Poison Spider Dinosaur Tracksite Trail is a 0.3 mile moderately trafficked loop trail located near Moab, Utah that features a river and is rated as moderate. The trail is primarily used for hiking, walking, nature trips, and birding and is accessible year-round. Dogs are also able to use this trail but must be kept on leash.
dogs on leash
90 million years ago the area around what is now Moab was covered in huge sand dunes. Between dune fields were scattered flat areas of wet sand, shallow ponds, and small streams. Dinosaurs crossed these flats and left their footprints, which were sometimes then covered by the shifting dunes and preserved intact. Millions of years later, after the sands had turned to stone, blocks containing the tracks have fallen out of the cliffs above and split along the bedding planes, exposing the tracks to the sun once again. Two rock slabs with footprints are visible from the parking lot, one at the base of the cliffs and another halfway down the slope, just above the cliff that drops down to the road. The lower of these slabs contains the tracks of at least 10 different meat-eating dinosaurs, ranging in size from 17 inches to nearly 5 feet at the hips. All the animals appear to have been walking at speeds of around 3 miles/hour. The parking lot and the lower slopes here are on the Kayenta Formation, but the blocks with the tracks on them have fallen down from the overlying Navajo Sandstone cliffs.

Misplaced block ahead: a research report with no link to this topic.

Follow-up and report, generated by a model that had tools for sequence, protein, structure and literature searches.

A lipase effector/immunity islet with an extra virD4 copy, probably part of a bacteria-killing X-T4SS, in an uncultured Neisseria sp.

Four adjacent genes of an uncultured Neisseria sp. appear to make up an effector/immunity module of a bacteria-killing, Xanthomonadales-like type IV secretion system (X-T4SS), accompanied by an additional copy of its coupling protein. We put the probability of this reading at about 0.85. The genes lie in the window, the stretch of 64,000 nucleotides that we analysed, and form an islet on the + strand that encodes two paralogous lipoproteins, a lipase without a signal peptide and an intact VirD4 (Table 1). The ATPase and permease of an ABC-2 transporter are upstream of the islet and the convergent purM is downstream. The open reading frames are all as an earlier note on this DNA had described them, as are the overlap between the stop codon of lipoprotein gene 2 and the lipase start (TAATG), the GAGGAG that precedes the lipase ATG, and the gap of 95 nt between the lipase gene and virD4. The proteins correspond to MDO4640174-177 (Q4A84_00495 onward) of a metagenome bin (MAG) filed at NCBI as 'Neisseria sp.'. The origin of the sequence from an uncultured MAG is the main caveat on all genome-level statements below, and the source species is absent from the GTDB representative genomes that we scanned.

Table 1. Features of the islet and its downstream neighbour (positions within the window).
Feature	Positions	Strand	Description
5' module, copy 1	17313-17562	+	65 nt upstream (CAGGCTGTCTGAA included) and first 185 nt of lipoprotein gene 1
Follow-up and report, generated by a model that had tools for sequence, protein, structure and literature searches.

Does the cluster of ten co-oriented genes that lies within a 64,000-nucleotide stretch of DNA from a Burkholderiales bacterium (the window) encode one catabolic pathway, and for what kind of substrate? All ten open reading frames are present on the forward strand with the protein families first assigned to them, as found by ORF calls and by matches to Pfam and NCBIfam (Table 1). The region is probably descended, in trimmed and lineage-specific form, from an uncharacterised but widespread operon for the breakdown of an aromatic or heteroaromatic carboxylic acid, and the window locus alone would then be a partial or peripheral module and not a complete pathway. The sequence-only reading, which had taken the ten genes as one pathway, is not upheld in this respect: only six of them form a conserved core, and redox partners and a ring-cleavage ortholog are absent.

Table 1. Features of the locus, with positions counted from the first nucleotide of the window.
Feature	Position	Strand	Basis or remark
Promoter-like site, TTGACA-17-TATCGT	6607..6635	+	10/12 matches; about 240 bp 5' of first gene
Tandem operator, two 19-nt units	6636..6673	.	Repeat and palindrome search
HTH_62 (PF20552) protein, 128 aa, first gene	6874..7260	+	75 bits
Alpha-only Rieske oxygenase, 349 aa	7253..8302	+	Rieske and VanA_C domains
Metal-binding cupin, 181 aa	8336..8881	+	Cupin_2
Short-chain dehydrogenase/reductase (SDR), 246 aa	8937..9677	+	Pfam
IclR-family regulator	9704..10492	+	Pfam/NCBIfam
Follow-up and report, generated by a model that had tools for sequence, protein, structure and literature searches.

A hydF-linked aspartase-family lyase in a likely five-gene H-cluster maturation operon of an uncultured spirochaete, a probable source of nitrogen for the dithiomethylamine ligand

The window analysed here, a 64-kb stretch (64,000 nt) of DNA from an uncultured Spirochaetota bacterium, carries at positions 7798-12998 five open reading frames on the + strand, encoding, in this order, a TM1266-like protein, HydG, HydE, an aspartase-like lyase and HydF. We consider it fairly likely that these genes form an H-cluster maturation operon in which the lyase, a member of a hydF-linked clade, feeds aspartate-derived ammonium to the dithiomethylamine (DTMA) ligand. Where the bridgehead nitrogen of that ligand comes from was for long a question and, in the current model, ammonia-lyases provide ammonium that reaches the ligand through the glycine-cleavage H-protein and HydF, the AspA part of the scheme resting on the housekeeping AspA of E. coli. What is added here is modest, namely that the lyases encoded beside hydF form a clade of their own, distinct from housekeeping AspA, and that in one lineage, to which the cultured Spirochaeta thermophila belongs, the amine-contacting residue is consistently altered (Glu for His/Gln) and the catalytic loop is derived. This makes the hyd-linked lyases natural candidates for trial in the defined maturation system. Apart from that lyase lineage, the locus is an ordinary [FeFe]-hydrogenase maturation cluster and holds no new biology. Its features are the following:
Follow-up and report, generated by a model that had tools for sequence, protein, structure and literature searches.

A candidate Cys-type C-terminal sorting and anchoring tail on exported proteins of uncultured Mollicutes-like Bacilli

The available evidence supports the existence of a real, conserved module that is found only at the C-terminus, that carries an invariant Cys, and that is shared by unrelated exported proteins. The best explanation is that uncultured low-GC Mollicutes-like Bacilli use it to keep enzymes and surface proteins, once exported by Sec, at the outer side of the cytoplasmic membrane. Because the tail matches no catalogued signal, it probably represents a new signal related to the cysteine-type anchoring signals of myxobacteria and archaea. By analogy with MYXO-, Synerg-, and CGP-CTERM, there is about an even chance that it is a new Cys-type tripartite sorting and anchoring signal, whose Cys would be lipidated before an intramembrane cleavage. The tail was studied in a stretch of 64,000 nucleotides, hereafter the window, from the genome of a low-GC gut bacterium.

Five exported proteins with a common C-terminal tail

Easy hike with great views of the Colorado River and Kane Creek. Trail climbs from parking lot up to two separate dinosaur track blocks. Rock art can also been seen here. One section of the dinosaur tracks are near a cliff, so just keep small kids away from the edge.